qemu-system-x86_64 -drive file.driver=ssh[,file.user=@var{user}],file.host=@var{server}[,file.port=@var{port}],file.path=@var{path}[,file.host_key_check=@var{host_key_check}]
@end example

@var{ssh} is the protocol.

@var{user} is the remote user.  If not specified, then the local
username is tried.

@var{server} specifies the remote ssh server.  Any ssh server can be
used, but it must implement the sftp-server protocol.  Most Unix/Linux
systems should work without requiring any extra configuration.

@var{port} is the port number on which sshd is listening.  By default
the standard ssh port (22) is used.

@var{path} is the path to the disk image.

The optional @var{host_key_check} parameter controls how the remote
host's key is checked.  The default is @code{yes} which means to use
the local @file{.ssh/known_hosts} file.  Setting this to @code{no}
turns off known-hosts checking.  Or you can check that the host key
matches a specific fingerprint:
@code{host_key_check=md5:78:45:8e:14:57:4f:d5:45:83:0a:0e:f3:49:82:c9:c8}
(@code{sha1:} can also be used as a prefix, but note that OpenSSH
tools only use MD5 to print fingerprints).

Currently authentication must be done using ssh-agent.  Other
authentication methods may be supported in future.

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Note: Many ssh servers do not support an @code{fsync}-style operation.
The ssh driver cannot guarantee that disk flush requests are
obeyed, and this causes a risk of disk corruption if the remote
server or network goes down during writes.  The driver will
print a warning when @code{fsync} is not supported:

warning: ssh server @code{ssh.example.com:22} does not support fsync

With sufficiently new versions of libssh2 and OpenSSH, @code{fsync} is
supported.
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@node pcsys_network
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@section Network emulation

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QEMU can simulate several network cards (PCI or ISA cards on the PC
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target) and can connect them to an arbitrary number of Virtual Local
Area Networks (VLANs). Host TAP devices can be connected to any QEMU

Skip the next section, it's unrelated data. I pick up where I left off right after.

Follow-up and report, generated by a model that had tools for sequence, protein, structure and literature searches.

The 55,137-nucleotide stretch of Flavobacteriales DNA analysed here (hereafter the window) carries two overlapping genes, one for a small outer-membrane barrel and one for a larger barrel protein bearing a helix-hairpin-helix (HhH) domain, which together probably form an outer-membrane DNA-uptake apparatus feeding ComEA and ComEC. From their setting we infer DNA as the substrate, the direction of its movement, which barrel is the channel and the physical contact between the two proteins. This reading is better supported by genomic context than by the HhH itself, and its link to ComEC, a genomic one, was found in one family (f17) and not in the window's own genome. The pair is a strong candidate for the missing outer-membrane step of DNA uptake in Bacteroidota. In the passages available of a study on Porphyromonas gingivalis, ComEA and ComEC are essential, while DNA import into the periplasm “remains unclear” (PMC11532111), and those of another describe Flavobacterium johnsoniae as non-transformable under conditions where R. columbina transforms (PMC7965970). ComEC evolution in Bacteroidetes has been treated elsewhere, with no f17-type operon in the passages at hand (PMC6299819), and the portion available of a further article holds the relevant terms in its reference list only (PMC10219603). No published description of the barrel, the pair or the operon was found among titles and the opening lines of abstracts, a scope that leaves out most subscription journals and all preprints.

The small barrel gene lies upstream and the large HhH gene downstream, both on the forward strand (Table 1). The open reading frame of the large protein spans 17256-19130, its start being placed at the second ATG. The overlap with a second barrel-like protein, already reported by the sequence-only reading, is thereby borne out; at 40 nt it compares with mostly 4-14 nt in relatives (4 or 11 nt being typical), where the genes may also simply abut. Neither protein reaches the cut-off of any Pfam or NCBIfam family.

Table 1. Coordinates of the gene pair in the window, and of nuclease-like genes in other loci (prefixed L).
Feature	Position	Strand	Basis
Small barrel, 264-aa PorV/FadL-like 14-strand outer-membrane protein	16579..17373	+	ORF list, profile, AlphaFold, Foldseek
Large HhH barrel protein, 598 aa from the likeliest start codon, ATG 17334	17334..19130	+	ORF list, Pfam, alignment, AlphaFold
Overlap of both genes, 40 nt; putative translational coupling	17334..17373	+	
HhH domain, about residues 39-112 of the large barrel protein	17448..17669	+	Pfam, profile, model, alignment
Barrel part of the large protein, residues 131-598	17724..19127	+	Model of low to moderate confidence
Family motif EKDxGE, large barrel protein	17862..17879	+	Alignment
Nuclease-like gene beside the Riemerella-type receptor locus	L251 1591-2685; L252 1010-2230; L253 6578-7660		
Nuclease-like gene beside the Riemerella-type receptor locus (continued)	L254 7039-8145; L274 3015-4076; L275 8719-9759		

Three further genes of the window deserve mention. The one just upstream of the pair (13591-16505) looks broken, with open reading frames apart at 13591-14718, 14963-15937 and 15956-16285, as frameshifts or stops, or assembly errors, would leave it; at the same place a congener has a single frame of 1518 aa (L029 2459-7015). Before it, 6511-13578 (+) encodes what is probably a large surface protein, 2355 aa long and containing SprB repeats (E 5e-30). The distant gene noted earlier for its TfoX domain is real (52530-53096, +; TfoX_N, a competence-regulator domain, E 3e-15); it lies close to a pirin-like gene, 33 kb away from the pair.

VLAN. VLAN can be connected between separate instances of QEMU to
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simulate large networks. For simpler usage, a non privileged user mode
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network stack can replace the TAP device to have a basic network
connection.

@subsection VLANs
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QEMU simulates several VLANs. A VLAN can be symbolised as a virtual
connection between several network devices. These devices can be for
example QEMU virtual Ethernet cards or virtual Host ethernet devices
(TAP devices).
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@subsection Using TAP network interfaces

This is the standard way to connect QEMU to a real network. QEMU adds
a virtual network device on your host (called @code{tapN}), and you
can then configure it as if it was a real ethernet card.
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@subsubsection Linux host

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As an example, you can download the @file{linux-test-xxx.tar.gz}
archive and copy the script @file{qemu-ifup} in @file{/etc} and
configure properly @code{sudo} so that the command @code{ifconfig}
contained in @file{qemu-ifup} can be executed as root. You must verify
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that your host kernel supports the TAP network interfaces: the
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device @file{/dev/net/tun} must be present.

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See @ref{sec_invocation} to have examples of command lines using the
TAP network interfaces.
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@subsubsection Windows host

There is a virtual ethernet driver for Windows 2000/XP systems, called
TAP-Win32. But it is not included in standard QEMU for Windows,
so you will need to get it separately. It is part of OpenVPN package,
so download OpenVPN from : @url{http://openvpn.net/}.

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@subsection Using the user mode network stack

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By using the option @option{-net user} (default configuration if no
@option{-net} option is specified), QEMU uses a completely user mode
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network stack (you don't need root privilege to use the virtual
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network). The virtual network configuration is the following:
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@example

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         QEMU VLAN      <------>  Firewall/DHCP server <-----> Internet
                           |          (10.0.2.2)
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                           |
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                           ---->  DNS server (10.0.2.3)
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                           |
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                           ---->  SMB server (10.0.2.4)
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@end example

The QEMU VM behaves as if it was behind a firewall which blocks all
incoming connections. You can use a DHCP client to automatically
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configure the network in the QEMU VM. The DHCP server assign addresses
to the hosts starting from 10.0.2.15.